More questions than answers

The LA Times yesterday had an insightful article on the role of the Internet in people’s lives. The article, titled “Go ahead, just ask a question”, attempts to explain what normal people are doing online at all hours of the day and night. One man says that he

“spends a couple of hours every night answering questions like these posed on, where members post queries on topics as diverse as philosophy, math, dancing and religion. He’s offered more than 1,000 pieces of advice since stumbling onto the website a year ago.

“I’m a wealth of useless knowledge,” he said. “I have more contact with some of these people than I do with my own brothers and sisters.”

Spending more time online helping out strangers and letting your familial relationships fall by the wayside? I don’t get that. Or is it a matter of such people having such horrible familial ties, and thus filling in some sort of emotional void? The people who dedicate hours upon hours (even after a long day at work!) giving out advice are often-times doing great work, giving out needed guidance, and very altruistically. But the addiction aspect of it just rubs me the wrong way, as illustrated by the following:

“I get withdrawal symptoms when I don’t go on,” said Jacinta Rachel, a biology student in Liverpool, Britain, who spends up to five hours a day fielding questions on Answerbag under the moniker “Carmella.” “Like if you leave home for a while, you can feel quite homesick — that’s the feeling I get.”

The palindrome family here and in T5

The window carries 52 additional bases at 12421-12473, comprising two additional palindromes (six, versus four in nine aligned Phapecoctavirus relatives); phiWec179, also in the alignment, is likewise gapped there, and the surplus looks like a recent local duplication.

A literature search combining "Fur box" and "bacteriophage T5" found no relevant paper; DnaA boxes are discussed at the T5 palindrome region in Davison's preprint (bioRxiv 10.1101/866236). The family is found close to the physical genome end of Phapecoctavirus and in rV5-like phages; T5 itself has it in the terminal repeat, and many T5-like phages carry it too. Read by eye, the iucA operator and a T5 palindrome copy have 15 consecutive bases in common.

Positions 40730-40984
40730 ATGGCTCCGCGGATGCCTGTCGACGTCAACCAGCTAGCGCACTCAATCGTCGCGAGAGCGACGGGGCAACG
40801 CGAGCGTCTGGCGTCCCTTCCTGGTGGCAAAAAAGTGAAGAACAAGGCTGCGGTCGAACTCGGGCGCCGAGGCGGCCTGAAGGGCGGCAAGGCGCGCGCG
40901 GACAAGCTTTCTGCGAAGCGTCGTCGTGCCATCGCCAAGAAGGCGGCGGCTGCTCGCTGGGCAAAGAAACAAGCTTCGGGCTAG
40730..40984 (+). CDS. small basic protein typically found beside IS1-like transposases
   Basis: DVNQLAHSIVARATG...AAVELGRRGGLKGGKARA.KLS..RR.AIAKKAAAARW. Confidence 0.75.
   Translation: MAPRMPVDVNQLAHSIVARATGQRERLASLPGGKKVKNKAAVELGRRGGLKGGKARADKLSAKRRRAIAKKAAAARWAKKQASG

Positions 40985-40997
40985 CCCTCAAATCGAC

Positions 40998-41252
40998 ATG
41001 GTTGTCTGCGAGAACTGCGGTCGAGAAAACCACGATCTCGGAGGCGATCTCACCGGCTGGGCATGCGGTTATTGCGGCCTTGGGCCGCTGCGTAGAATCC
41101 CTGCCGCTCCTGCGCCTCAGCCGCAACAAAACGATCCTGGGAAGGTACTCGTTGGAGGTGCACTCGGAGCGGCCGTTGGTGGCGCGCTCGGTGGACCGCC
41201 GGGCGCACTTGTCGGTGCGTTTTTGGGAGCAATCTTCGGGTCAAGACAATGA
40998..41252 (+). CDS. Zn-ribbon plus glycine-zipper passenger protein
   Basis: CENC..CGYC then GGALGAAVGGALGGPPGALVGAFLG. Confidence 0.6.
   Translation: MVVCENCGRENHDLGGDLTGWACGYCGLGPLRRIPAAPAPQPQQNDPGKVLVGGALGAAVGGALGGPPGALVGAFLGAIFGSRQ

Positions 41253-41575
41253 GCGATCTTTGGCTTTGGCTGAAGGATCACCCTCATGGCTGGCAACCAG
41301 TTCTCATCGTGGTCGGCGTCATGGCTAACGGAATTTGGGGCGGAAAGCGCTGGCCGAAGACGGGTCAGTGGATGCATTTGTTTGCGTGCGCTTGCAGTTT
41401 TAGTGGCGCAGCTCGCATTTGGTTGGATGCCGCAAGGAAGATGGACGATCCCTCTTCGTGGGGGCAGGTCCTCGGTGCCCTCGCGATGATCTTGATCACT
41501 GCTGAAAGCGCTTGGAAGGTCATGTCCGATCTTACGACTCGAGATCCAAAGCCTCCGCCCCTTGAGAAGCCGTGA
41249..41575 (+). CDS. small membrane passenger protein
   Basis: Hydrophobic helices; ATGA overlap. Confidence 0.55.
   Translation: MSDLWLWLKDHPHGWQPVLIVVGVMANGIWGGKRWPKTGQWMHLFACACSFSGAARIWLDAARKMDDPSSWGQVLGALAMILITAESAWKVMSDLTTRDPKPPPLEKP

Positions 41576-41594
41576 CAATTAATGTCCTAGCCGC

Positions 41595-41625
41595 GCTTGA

Leaving the internet can yield emotions in one like leaving your family?! OK, I am going to make a really uneducated guess here, but let me go out on a limb and say: There is something wrong with you. Really! Spending up to 6 hours per day online “helping people out” is weird. Do you know why I think so? Because there are people probably just down the street from you who could use your help. Because yes, Allah gave you a derrière to sit on and fingers to type with…but He also gave you legs to walk with and a mouth to talk with–can’t we use all our gifts in equal proportion? Because the homeless shelter has people much more in need of your time and energy than the people who are just one click away.

Am I alone in thinking that this is weird to the max? Am I alone in thinking that this is the easy way to gain kudos for volunteerism? (Its ok, I can handle the truth–after much kicking and screaming ) )


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